7. P-51B/C Mustang Club Kit (CLK0009) 1:72 Kovozávody Prostějov Originally developed to fulfil a British requirement for a new fighter aircraft, the unmistakeable North American P-51 Mustang famously went from drawing board to first flight in just 178 days. It went on to become one of the most famous and successful aircraft of the Second World War, thanks to its speed, agility, distinctive looks and long-range capabilities. The performance of the original Allinson engine gradually dropped off above 12,000ft, but this was transformed by being replaced by Rolls Royce’s legendary Merlin engine. With its Achilles heel sent packing, the Mustang went from strength to strength as the B and C variants, which had a “razorback” spine and scalloped rear windows that gave the pilot a little better rearward view. It was eventually developed into The P-51D that introduced a number of improvements in response to combat experience, including a cut-down rear fuselage and bubble canopy, plus an increase in the number of 0.5 inch machine guns from four to six. Over 8,000 P-51Ds were produced, more than any other Mustang variant. The Kit This is a new boxing of a 2015 tooling from KP, and it arrives in a small end-opening box with two sprues of grey styrene, a single sprue of clear parts, decal sheet and the instruction booklet, formed from a folded sheet of A4 that has been printed in colour. Detail is excellent for the scale, and the decal sheet includes items such as instrument dials and seatbelts to add more visual interest to your model. The instruction booklet is a multi-kit offering, covering other variants with the blown Malcolm Hood, and some versions of the F-6 reconnaissance Mustang, which you can safely ignore. Construction begins with the instrument panel that is shown being painted and decaled along with the gunsight, as are the sides of the cockpit within the fuselage, showing thorough painting guidance throughout the build. The curved cockpit floor has a lever and console fitted to it, before it is joined by the fuel tank with radio gear on top, the pilot’s seat with separate armour and head rest behind it, the control column with linkage, and front bulkhead in front of the instrument panel and coaming. The completed cockpit and rear radiator trunking are inserted into the port fuselage half along with the tail-wheel bay door and the bay with tail-wheel strut inserted into the roof of the bay. The fuselage is closed around the cockpit, adding one last lever to the starboard cockpit wall, then once the glue is dry, the lips on the chin and belly intakes are glued in place to give them a more finessed appearance. The lower wings are full span, and the well-detailed gear bay insert is placed inside before it is joined to the fuselage and the upper wing halves are laid over it, accompanied by the elevators and the rudder at the rear. The flying surfaces on the main planes are all separate, and can be offset as you see fit, with the instructions advising that the flaps can be posed with up to 50° downward deflection to depict an aircraft configured for landing or take-off. The prop is a four-bladed, cuffed part, which is trapped between the spinner cap and rear plate that has an axle on the rear to join it to the front of the nose at the same time as the single-part canopy is installed over the cockpit, with a rear-view mirror and radio mast at the rear, which includes a small portion of the fuselage to give the rear windows a smooth surface, and moves the seam further aft, just out of the way of the clear parts. An optional D/F loop is installed on the spine behind the canopy, which doesn’t seem to apply to the decal options below. The main landing gear comprises the struts with moulded-in scissor links, to which the wheels are attached, to be inserted into the outboard ends of the gear bays, adding the captive outer bay doors, and the two inner doors that often drop down as the hydraulic pressure bleeds away after parking up. Only the top drawing of the last page of the instructions apply to this boxing, adding a choice of two styles of exhaust stubs to the sides of the nose, and painting the lower frame of the diagonal windscreen panels. Markings There are two options included in this Club Kit, and although the text is written in Czech, Google gives us the following options, of which you can build one: P-51B-5-NA, 4th fighter squadron, 52nd fighter group pilot capt. James Otey "Tim" Tyler, Italy, September 1944 The aircraft crashed at Tri Duby Airport while escorting a B-17 piloted by Ethan A. Smith with Slovak National Uprising assistance. P-51C-10-NT, 5th fighter squadron, 52nd fighter group, pilot Lt. Alexander F. Watkins, Italy, September 1944 Due to a malfunction, the aircraft remained at the Tri Duby airport during the Slovak National Uprising. After a quick test that confirmed my suspicions with an earlier kit, the decals appear to be printed by Eduard or using the same digital printing techniques, and are in good registration, sharpness, and colour density, with a thin gloss carrier film cut loosely around the printed areas. I mention Eduard because from 2021, the carrier film on their decals can be coaxed away from the printed part of the decal after they have been applied, effectively rendering them carrier film free, making the completed decals much thinner and more realistic, and obviating the need to apply successive coats of clear varnish to hide the edges of the carrier film. It’s a great step further in realism from my point of view, especially at this scale, and saves a good quantity of precious modelling time into the bargain. Conclusion The Mustang is well-loved in the aviation and modelling world, and these unusual markings options should appeal to many, as should the level of detail that’s included in the kit. Highly recommended. Review sample courtesy of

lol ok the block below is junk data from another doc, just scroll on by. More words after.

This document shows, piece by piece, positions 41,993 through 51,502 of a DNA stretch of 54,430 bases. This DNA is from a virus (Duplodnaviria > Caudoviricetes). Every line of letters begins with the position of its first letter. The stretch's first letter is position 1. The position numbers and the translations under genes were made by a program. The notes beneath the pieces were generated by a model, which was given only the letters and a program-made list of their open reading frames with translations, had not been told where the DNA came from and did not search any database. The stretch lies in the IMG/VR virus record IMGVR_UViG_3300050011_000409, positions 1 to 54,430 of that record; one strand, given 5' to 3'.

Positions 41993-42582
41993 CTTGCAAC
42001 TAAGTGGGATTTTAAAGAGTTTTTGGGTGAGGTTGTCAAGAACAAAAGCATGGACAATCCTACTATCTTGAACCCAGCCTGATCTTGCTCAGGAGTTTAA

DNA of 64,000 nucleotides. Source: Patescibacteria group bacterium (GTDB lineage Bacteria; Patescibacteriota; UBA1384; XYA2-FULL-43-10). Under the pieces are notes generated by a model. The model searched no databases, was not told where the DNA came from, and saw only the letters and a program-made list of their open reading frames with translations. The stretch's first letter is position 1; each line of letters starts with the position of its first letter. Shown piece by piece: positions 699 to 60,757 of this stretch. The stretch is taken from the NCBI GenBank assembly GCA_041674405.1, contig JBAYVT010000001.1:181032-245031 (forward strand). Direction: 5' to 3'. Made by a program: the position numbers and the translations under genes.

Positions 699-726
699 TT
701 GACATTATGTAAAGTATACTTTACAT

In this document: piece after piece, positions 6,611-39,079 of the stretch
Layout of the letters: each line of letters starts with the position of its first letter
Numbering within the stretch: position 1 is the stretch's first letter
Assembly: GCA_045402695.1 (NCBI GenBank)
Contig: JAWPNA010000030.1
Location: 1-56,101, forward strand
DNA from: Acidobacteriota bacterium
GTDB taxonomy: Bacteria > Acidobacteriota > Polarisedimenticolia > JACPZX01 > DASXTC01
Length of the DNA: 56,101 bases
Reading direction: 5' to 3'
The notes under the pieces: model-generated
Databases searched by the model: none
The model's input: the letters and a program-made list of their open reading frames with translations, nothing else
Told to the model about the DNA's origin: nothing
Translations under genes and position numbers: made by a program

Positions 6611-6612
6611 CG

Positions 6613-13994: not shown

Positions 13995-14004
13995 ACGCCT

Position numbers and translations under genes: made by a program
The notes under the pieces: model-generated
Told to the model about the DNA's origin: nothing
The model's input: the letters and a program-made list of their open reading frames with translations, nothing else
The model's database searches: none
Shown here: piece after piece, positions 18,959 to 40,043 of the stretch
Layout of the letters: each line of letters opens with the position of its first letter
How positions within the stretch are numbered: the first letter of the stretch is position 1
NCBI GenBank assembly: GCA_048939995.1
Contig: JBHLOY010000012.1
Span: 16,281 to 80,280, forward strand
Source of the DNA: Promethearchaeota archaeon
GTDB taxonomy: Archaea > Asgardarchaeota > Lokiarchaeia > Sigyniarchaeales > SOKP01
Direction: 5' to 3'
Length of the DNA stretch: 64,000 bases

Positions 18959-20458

8. F-86D ‘Dog Sabre’ (03832) 1:48 Carrera Revell The F-86 Sabre was the first advanced jet fighter in widespread use with the US Air Force, but it was a fair-weather fighter that was bereft of radar that was to become more important as time went by during the Cold War, and essential today. The project to create an all-weather, radar-equipped derivative of the Sabre resulted in a substantially different aircraft, with a longer, wider fuselage that had a radome inset into the top of the intake trunking in the nose, a different canopy, and larger tail feathers. By the time the D variant reached service, the engine had also been upgraded, including an afterburner that gave it additional power and drove it closer to the sound barrier than its sibling. Its armament was different than the six cheek-mounted 0.5cal Brownings carried by the standard Sabre too, eschewing machine guns in favour of a conformal twin rack of Mighty Mouse rockets that would drop down into the airflow before firing, exposing 24 x 70mm FFAR Mk.4 rockets in a curved holder that would retract to clean-up the aerodynamics of the aircraft after firing, although a ripple-fire salvo must have had some choking effect on the engine, being mounted so close to the intake. There were over 2,500 D variants made, with subsequent updates making additional changes, some of them substantial, some such as the G less so, getting lumped in with the Ds during production, possibly to fudge some figures, knowing the sneaky history of aviation financing of most countries. Many NATO countries flew the Dog Sabre, some later K variants built under license by FIAT, which is a terrifying concept, given their reputation at the time for terrible cars with dodgy electrics. Some were still flying operationally into the 1970s, although not under combat conditions, as by then it would have been hopelessly outdated. The Kit This is a reboxing of the original Monogram tooling from 2001, but looking at the sprues for the first time in a long time, it’s surprisingly modern looking, although the bags are non-standard for Revell, having heat-sealed ends, and no tape, which to be fair can be annoying on occasion. It arrives in a medium-thickness end-opening box, and inside are four sprues in grey styrene in two bags, another bag containing the clear parts, the instruction booklet in colour, with the decal sheet and safety sheet hidden in between the pages. At the rear of the booklet are colour profiles to assist with painting and decaling. As already mentioned, this is a well-detailed model of the type, and is the only current relatively modern kit of the Dog in this scale, with other manufacturers reboxing it on occasion. It benefits from engraved panel lines and rivets, offers separate flaps and slats, detailed cockpit and wheel bays, and even a pilot figure with separate arms, and a surprisingly well-sculpted form. Construction begins with the four-part frame for the basic ejection seat, which inserts on a seat-shaped platform and receives the actual seat with rear headrest within, plus rudder pedals and control column first, then the instrument panel that has five additional parts installed on it before it is slotted into the front of the cockpit tub, and has another two short levers added to the left side console. Sadly, there are no decals for the panels, but a bit of careful painting should see that remedied. Like many fighters, the cockpit is positioned over the nose gear bay, but there is an intake trunk in between them, which is made from two halves, with the bay details moulded into the lower half, having two side walls added along with the nose gear strut and retraction jack. The pilot is made up and painted, and inserted into his cockpit at this stage if you plan to use him, after which the cockpit is glued to the top of the intake on a pair of upstands. Before the fuselage can be closed up, the exhaust must be completed, which consists of a tube moulded to a bulkhead, into which you insert the rear face of the engine, then attach the exhaust lip to the rear, fitting on a lug to ensure correct orientation. The inside of the forward fuselage is painted dark grey, and has three holes opened up in the underside, a small clear light near the nose, and an insert with an intake on the sides of the fuselage, using different parts for USAF or DK (Danish?) options. I find that confusing however, as both decal options are USAF, so it may be a hangover from a previous boxing. The inset marked DK has a recessed NACA intake, if that helps to deconfuse you. The fuselage is closed around the cockpit/intake and exhaust assemblies, plus a palette of equipment in a recess behind the pilot, 20g of nose-weight, and the radar-equipped nose cone, which also includes the intake lip. The lower wing is full span, and has six holes drilled out from inside before the bay walls and top detail insert are added inside, to be covered by the upper wing halves, which have more detail for the gear bays on the inside. The fuselage and wing are mated at the same time as the slats are glued to their actuators along the leading edge of the wings, leaving the flaps until later. Meantime, the main gear legs are built from a single part strut and two-part wheels, with a captive bay door on the back, and a C-shaped actuator joining them together. The inner bay door has a short jack on the forward edge, and behind the wing, repeating the process on the other side and placing a small rectangular insert into the fuselage underside. The nose wheel is a single part and is added to the strut that was fitted earlier, and has a side opening main bay door, plus a two-part folding front door to finish it off. The flaps are simple, each one consisting of a single part that fixes to the trailing edge of the cut-outs on two pegs. While the model is inverted, the two-part fuel tanks and pylon with forward stabiliser post is glued to each wing, and a clear peg has been included on the sprues just in case you didn’t include enough nose weigh to prevent a tail-sitter. The FFAR palette is fabricated based upon the outer skin, with four walls fitted, the front one having 24 holes that show the tips of the rockets, and the rear face having an impression of the rear of the rockets and their fusing wires, which are glued to an upper surface that fixes to the fuselage underside on two pegs behind the nose gear bay. If you have decided not to deploy the rocket pack, remember not to bore out the holes in the fuselage beforehand. Like its sibling, the Dog Sabre had fuselage-mounted air-brakes just in front of the tail, and these can either be mounted flush, or exposed by adding a V-shaped strut inside the bay to hold it at the correct angle, with scrap diagrams showing how they should look from behind. The elevators have long overlapping tabs that pass through the tail, and should give a strong joint with little chance of sag, plus a small blade antenna that is added under the port elevator. Finishing off the model begins with the canopy, which unusually for its era includes a pair of styrene inserts within the lower rails of the opener, plus a clear rear-view mirror. A platform with a clear part fixes into the rear of the canopy too, giving it a more detailed look, especially if you can find some Tface masks from Eduard to paint both sides of the clear parts. The windscreen is fixed, and the canopy can be posed closed by cutting off small sections of the deck at the rear of the cockpit, or opened clamshell-style by leaving those intact, and gluing it into position at the rear, with a curved clear part inserted into the fairing behind it. A choice of a crew step or a small insert to depict it retracted are provided to fit into the port side, and two tiny clear lights are popped into the leading edge of the wingtips. Markings There are two markings options on the decal sheet, although I initially thought there were four, as the usual 39 and 39a style numberings haven’t been used on this sheet. I’m easily confused though, and reading the headings makes it clear within moments. From the box you can build one of the following: F-86D-20 Sabre Dog S/n.51-2989, McConnel AFB, 1956 F-86D-40-NA Sabre Dog S/n.52-3722, 15th Fighter-Interceptor Sqn., 34th Air Division, Davis Monthan AFB, Arizona, 1957 <ul style="list-style-type:upper-alpha"> Decals are by Cartograf, which is a guarantee of good registration, sharpness and colour density, with a thin matt carrier film cut close to the printed areas. It’s a shame there aren’t any instrument decals, but the wealth of stencils more than make up for that minor disappointment. Conclusion Although the kit hasn’t become rare while out of production, it’s nice to see it back on the shelves with some modern decals and stencils. Detail is good for the era, and still holds up well by modern standards. Highly recommended. Carrera Revell model kits are available from all good toy and model retailers. For further information visit or